Debate Reignites Over Religion at Air Force Academy | Sojourners

Debate Reignites Over Religion at Air Force Academy

Photo courtesy of U.S. Air Force Academy
The chapel at the Air Force Academy in Colorado Springs, Colo. Photo courtesy of U.S. Air Force Academy

The long-smoldering debate at the U.S. Air Force Academy over the role of religion in cadets' lives has reignited, just as a new class arrives on campus for basic training.

Accusations of improper proselytizing on the Colorado Springs, Colo., campus have been challenged by those who argue that AFA guidelines curtail religious expression.

The two sides recently clashed over a letter from 66 House Republicans urging Defense Secretary Leon Panetta to investigate the USAF’s growing “hostility toward religious freedom” under guidelines set last September by USAF Chief of Staff Gen. Norton Schwartz.

In response to allegations of proselytizing, Schwarz mandated that only chaplains could endorse religious programs.

But the congressional letter argues that the new policy goes too far.

“While we agree that leaders should not use their positions to impose their religious beliefs or extend preferential treatment to those who share their beliefs, the decisions that have been made in reliance upon this policy go beyond what is required by the U.S. Constitution,” the letter reads.

The Chaplain Alliance for Religious Liberty, a conservative Christian organization representing evangelical chaplains, applauded the letter.

“There’s nothing wrong with a commander attending, even publicizing and encouraging … a good and positive event for the morale and the welfare of military personnel,” said executive director and retired Col. Ron Crews, a former chaplain with 28 years of military experience.

“There’s nothing wrong with a commander saying, ‘This is an event that I support and I am going to.’ You’re encouraged to go, but you are not ordered to go,” he said.

But David Mullin, a former AFA economics professor, said military culture muddies the distinction between encouragement and orders, so only chaplains should speak on religious matters.

“When a military commander says ‘you are encouraged to attend,’ whether it is to military officers or civilians, that is an effective order,” Mullin said. This constitutes improper proselytism, he added.

A self-described evangelical, Mullin is one of the few to openly criticize what he calls an unhealthy religious climate in the AFA. He is represented in court by the Military Religious Freedom Foundation, a legal watchdog.

Mullin was one of five academy professors who sued unsuccessfully in January 2011 to stop a school prayer luncheon that would feature as keynote speaker a veteran who calls himself a “U.S. Marine for Christ.”

He alleges his dog was poisoned after he protested about the school's religious climate later that year.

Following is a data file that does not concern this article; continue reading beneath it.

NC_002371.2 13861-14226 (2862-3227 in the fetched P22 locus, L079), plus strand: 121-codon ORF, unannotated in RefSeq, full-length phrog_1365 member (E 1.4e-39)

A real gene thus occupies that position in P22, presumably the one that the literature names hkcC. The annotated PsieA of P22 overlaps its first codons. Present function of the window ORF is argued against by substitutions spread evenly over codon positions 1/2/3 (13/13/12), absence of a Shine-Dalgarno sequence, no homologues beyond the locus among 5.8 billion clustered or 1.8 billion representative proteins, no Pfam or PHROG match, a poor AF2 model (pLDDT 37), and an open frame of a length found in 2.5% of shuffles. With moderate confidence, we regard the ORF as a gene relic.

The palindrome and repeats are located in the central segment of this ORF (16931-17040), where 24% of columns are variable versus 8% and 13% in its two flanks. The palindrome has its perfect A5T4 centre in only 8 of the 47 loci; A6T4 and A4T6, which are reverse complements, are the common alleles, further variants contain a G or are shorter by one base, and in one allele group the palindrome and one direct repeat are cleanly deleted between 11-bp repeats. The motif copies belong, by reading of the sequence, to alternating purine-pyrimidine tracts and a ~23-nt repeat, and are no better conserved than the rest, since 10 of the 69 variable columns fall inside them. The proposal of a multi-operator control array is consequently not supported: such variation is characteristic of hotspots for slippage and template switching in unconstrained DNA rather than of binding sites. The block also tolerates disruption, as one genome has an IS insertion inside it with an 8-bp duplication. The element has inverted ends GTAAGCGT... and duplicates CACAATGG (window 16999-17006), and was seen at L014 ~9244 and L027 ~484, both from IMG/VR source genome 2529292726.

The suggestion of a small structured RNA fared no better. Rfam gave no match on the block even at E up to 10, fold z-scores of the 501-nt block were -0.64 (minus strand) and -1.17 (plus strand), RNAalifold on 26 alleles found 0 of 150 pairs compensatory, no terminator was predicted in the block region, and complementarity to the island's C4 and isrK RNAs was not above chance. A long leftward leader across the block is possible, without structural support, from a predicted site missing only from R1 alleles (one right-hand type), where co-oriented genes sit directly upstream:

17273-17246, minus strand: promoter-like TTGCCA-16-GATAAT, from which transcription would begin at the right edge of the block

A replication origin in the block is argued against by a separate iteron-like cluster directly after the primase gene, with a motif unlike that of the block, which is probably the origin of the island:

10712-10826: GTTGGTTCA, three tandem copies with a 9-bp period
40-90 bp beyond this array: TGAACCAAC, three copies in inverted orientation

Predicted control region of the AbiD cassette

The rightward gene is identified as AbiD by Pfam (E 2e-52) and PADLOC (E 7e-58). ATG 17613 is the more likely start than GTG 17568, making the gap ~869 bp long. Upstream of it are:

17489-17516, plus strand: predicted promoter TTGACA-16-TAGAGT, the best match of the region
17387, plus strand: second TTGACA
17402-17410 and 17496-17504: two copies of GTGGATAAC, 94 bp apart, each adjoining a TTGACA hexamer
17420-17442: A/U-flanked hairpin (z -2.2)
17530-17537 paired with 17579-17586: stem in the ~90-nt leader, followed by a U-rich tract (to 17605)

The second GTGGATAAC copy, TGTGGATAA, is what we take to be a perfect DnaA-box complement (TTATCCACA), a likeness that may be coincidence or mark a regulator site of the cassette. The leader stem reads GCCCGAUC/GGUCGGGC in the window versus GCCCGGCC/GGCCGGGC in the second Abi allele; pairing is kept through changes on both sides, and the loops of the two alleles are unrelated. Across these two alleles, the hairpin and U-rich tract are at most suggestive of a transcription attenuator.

Mullin suggests part of the problem stems from the AFA's Colorado Springs location. The city hosts many evangelical parachurch organizations, such as Focus on the Family, as well as New Life Church, an evangelical church founded by its former pastor Ted Haggard.

He added that some of these groups have access to the academy, including cards that get them into dorms.

“You have very strong encouragement — basically carte blanche access to cadets by the leadership of the academy by these groups,” Mullin said. “It is corruption, and there is substantial religious discrimination as part of this corruption,” he said.

The AFA has long struggled with setting boundaries for religious expression.

In 2004 a team of Yale Divinity School students and professors found “challenges to pluralism” at the academy. A memo expressed “concern that the overwhelmingly evangelical tone of general Protestant worship encouraged religious divisions rather than fostering understanding among basic cadets.”

An internal AFA investigative panel in 2005 found religious “insensitivity,” but not “overt religious discrimination.”

Still, the Air Force that year issued guidelines that banned some public prayers and discouraged public discussion of religious belief by commanders and enlisted personnel. A 2006 revision relaxed the guidelines somewhat by allowing personal religious discussions that are not coercive.

A 2010 survey found 41 percent of non-Christian cadets faced unwanted proselytizing, even as the religious majority felt that their freedom of speech was being infringed upon.

This is bad for cadets and bad for the country, says Mikey Weinstein, a 1977 academy graduate and founder of MRFF.

The congressional letter, he said, is part of a larger cultural battle to hold personal Christian rights over civil rights. “It’s just another example of the level of stupidity and unbridled fundamentalist Christian cancer,” he said. 

MRFF has 362 clients at the AFA, triple those at the Army and Navy academies, according to Weinstein. He claims 35 families from the incoming class have already contacted him, though no suits have been filed.

Crews said Weinstein’s message is misguided, and that the Constitution protects the right to evangelize in ways that are not belligerent or coercive.

“As I understand, Mikey Weinstein’s interpretation of the First Amendment is that we have freedom from religion instead of freedom of religion.” Crews said. “Just because someone puts on the uniform does not mean that they give up their God-given, constitutionally protected religious liberties."

Chris Lisee writes for Religion News Service. Via RNS.

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